Eric Poehler is an Assistant Professor of Classics at the University of Massachusetts, Amherst. He is co-director of the Pompeii Quadriporticus Project, which is funded by Five College Digital Humanities, UMass-Amherst, the UMass-Amherst Department of Classics, the University of Cincinnati Department of Classics, and Cardinal Intellectual Property. He sat down with 5CollDH Post-Bac Jeffrey Moro, who assisted the project in the field this past summer, to talk about the work, technology, and bringing DH into the classroom.
JEFFREY MORO: For the folks at home, the ones who didn’t spend three weeks with you in Pompeii, could you give us an elevator pitch of the project?
ERIC POEHLER: The Pompeii Quadriporticus Project [PQP] is designed around two questions. First, what is the historical background to this building? This long-neglected, monumental structure in Pompeii that’s though to have been perfectly understood—but perhaps a little too perfectly. It’s suffered a lot of salutory neglect from that, at least in academic interests, so we were interested from the start to re-examine that: to re-examine the building’s origins; to examine the final decades of the building’s life and to understand what it transformed into [in the modern era]; and then, to see what can be said bout those intervening two hundred years of history, where people lived and used this building, but there don’t seem to be any architectural or archaeological remains to speak to it.
The other main goal has been to examine the way that non-invasive technologies let us stretch architectural investigation models, before we ran into the problems of not being able to date things. To sum it up: our second question is technological and methodological innovation around our historical questions.
JM: What are some of the technologies you used in the field?
EP: We’ve got the major instrumentation types of technologies. We use laser-scanning and ground-penetrating radar—in the former case to document the three-dimensional structure in exquisite, even excrutiating detail, and then using the radar to precede what we could know from excavation, to peer into the ground and get some glimpse of what might have been.
Then there are hand-held or information technologies, all revolving around the iPad. It’s our primary tool for information storage and capture. It’s the way we record individual observations, draw our images, make abstract representations in graph form of time, and the way we’ve branched out in the last couple of years into more experimental things, particularly doing archival research in the field, attempting to use the camera in different ways—and also it’s the way we control our drone!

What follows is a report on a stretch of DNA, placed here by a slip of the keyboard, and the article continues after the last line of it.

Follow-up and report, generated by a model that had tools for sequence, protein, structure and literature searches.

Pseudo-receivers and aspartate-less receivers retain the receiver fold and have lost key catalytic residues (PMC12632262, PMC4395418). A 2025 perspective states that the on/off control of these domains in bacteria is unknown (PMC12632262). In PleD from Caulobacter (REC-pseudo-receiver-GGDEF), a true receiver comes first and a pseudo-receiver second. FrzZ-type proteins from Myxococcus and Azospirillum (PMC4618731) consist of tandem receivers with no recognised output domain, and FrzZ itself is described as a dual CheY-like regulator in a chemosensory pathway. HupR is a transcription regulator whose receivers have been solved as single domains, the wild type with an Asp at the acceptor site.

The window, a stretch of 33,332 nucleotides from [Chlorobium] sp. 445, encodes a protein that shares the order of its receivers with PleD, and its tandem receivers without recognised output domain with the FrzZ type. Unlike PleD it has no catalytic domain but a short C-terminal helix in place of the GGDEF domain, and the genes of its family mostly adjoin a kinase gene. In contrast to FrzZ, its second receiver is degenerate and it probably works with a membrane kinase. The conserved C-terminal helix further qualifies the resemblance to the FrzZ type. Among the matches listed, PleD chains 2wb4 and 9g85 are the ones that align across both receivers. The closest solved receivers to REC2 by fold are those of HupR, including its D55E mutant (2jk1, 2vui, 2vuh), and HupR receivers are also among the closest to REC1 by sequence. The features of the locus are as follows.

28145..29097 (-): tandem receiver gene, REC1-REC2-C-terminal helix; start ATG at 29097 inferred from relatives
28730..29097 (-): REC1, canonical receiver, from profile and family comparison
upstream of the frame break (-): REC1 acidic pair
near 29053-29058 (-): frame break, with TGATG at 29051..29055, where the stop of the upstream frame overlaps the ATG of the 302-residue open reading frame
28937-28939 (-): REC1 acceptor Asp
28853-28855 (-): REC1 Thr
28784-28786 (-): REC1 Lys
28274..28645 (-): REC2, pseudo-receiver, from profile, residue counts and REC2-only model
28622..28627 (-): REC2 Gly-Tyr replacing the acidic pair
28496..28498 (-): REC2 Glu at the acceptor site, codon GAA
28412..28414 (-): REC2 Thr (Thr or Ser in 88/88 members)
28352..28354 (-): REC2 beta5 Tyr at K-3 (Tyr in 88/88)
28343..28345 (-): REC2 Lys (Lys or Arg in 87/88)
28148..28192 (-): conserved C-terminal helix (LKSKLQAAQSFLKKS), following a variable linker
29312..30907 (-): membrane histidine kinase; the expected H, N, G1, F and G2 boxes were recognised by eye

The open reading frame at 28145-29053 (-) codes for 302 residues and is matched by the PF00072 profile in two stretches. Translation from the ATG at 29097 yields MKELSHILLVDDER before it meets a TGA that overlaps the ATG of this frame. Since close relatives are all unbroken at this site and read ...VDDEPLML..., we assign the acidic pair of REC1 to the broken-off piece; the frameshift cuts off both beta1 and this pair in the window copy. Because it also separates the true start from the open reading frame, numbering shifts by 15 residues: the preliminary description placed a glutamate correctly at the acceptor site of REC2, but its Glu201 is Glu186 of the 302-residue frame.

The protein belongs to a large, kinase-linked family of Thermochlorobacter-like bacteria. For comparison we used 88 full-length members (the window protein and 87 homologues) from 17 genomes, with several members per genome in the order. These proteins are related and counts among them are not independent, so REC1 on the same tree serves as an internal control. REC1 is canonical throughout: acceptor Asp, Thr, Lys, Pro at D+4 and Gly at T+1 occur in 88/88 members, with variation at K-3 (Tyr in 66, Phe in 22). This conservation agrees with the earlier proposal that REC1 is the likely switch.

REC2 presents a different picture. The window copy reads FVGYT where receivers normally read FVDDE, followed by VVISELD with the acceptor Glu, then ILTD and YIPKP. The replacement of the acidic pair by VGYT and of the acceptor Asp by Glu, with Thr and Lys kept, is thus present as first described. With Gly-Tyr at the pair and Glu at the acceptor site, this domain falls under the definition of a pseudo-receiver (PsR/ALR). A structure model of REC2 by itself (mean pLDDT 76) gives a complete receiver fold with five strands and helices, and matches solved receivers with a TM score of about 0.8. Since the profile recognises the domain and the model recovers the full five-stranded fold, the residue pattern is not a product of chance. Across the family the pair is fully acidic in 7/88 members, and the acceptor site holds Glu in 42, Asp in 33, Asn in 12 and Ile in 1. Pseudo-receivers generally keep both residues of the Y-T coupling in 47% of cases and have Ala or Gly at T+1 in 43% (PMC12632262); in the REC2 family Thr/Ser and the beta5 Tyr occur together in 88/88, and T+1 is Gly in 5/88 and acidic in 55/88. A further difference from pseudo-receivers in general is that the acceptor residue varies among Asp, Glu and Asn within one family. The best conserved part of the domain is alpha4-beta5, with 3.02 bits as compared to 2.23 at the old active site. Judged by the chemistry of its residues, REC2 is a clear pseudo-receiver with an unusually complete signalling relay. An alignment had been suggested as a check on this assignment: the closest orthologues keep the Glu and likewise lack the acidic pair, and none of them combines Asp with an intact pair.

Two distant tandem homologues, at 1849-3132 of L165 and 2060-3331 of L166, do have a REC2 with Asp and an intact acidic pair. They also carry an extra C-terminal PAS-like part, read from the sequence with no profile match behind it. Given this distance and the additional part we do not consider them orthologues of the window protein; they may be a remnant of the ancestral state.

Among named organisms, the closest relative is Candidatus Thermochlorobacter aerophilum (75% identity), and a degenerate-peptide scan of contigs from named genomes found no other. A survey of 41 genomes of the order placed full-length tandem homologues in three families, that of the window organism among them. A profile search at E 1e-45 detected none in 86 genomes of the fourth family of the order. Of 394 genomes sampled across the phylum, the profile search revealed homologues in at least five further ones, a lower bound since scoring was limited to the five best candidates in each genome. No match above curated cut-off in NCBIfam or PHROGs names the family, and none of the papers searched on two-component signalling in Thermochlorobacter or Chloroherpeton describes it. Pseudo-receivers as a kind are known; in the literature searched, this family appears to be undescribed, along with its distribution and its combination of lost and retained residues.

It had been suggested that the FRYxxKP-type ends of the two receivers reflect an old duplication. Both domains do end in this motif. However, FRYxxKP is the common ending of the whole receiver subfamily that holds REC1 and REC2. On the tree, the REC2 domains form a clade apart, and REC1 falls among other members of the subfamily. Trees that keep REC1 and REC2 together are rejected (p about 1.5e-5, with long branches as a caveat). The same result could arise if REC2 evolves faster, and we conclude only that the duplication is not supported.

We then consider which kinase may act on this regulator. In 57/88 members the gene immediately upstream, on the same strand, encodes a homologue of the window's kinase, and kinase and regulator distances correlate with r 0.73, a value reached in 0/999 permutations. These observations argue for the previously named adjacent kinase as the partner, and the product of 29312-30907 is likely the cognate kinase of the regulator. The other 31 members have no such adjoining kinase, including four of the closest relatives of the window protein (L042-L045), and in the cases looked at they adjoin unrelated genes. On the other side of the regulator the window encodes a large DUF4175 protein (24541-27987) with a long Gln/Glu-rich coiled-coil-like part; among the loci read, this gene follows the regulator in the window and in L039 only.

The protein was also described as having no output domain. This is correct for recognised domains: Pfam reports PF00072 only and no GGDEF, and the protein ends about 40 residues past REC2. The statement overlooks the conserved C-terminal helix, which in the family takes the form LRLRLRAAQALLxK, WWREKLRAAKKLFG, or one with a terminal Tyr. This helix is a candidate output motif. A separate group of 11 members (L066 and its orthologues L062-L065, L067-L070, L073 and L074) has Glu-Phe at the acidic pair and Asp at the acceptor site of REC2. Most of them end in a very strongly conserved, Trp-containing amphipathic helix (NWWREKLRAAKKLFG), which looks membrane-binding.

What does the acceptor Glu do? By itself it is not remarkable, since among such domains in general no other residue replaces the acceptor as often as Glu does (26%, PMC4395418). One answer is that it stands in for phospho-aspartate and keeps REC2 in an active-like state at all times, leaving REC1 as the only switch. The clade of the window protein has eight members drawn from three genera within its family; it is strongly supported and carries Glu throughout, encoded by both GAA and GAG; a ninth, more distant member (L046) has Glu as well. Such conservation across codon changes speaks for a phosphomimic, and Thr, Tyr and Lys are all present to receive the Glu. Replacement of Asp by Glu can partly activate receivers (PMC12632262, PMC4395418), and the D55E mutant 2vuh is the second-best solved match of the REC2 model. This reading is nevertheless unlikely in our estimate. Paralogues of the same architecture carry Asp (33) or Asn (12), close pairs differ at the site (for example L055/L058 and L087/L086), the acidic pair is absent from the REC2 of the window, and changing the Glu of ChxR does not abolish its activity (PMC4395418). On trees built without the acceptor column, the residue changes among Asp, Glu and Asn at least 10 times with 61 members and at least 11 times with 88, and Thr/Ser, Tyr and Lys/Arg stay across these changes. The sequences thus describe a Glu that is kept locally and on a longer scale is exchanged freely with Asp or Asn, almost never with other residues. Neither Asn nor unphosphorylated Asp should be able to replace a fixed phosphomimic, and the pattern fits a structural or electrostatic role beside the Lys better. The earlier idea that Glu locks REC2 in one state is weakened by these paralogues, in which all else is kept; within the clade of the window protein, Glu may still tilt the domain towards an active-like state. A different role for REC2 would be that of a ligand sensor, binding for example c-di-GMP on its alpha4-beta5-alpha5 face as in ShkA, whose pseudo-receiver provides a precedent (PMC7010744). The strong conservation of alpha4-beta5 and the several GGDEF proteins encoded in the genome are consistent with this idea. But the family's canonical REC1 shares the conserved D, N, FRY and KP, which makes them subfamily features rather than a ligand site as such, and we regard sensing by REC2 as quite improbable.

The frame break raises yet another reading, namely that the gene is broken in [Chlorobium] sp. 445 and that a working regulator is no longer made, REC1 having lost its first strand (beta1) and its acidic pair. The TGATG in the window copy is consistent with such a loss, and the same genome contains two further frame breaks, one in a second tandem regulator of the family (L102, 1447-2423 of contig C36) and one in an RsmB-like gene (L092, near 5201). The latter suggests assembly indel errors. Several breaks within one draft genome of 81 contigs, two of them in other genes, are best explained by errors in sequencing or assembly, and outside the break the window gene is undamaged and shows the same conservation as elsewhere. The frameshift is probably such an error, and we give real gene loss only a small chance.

So the iPad has become a technological slate. A platform from which we gather and share information with each other. Most recently we’ve been interested in looking at the iPad’s technical components: its gyroscope, its camera, its GPS, its Internet connection, and seeing how we can leverage individual components towards archaeological methods and questions.
JM: One of the things that struck me when I was working with you on the project was how the workflow you designed for the iPad never hid the project’s complexity but was simultaneously so simple to grasp. It really only took a couple of days for me to feel at ease with the tech, and after that the work became more terminological for me, like “what are all these stones?”
EP: I’ve been very much aware of needing that balance for a number of years. It particularly came to mind when I started a project with a colleague, with Stephen [Ellis, professor at the University of Cincinnati], in Ismea, where we basically had to start completely barebones and fresh. We needed to match our in-field, archaeological work flow with our end product, that is, to figure out how the work flow and the data flow didn’t have to end up perpendicular to each other, so they could come together and become one stream. I think that, as you mention, it just became terminological. The example of that: what you needed to do with us to get there was not to learn how to do the iPad, but to learn how to do masonry analysis, and then the recording of that just happened in the iPad. Because you didn’t ever get trained on paper forms, there wasn’t an adaptive curve for you, right? And that’s good for a lot of folks who come with us now. There are no born digital natives, like the way that we like to say sometimes in academe. But there’s no overcoming the familiarity of the past in that sense. […]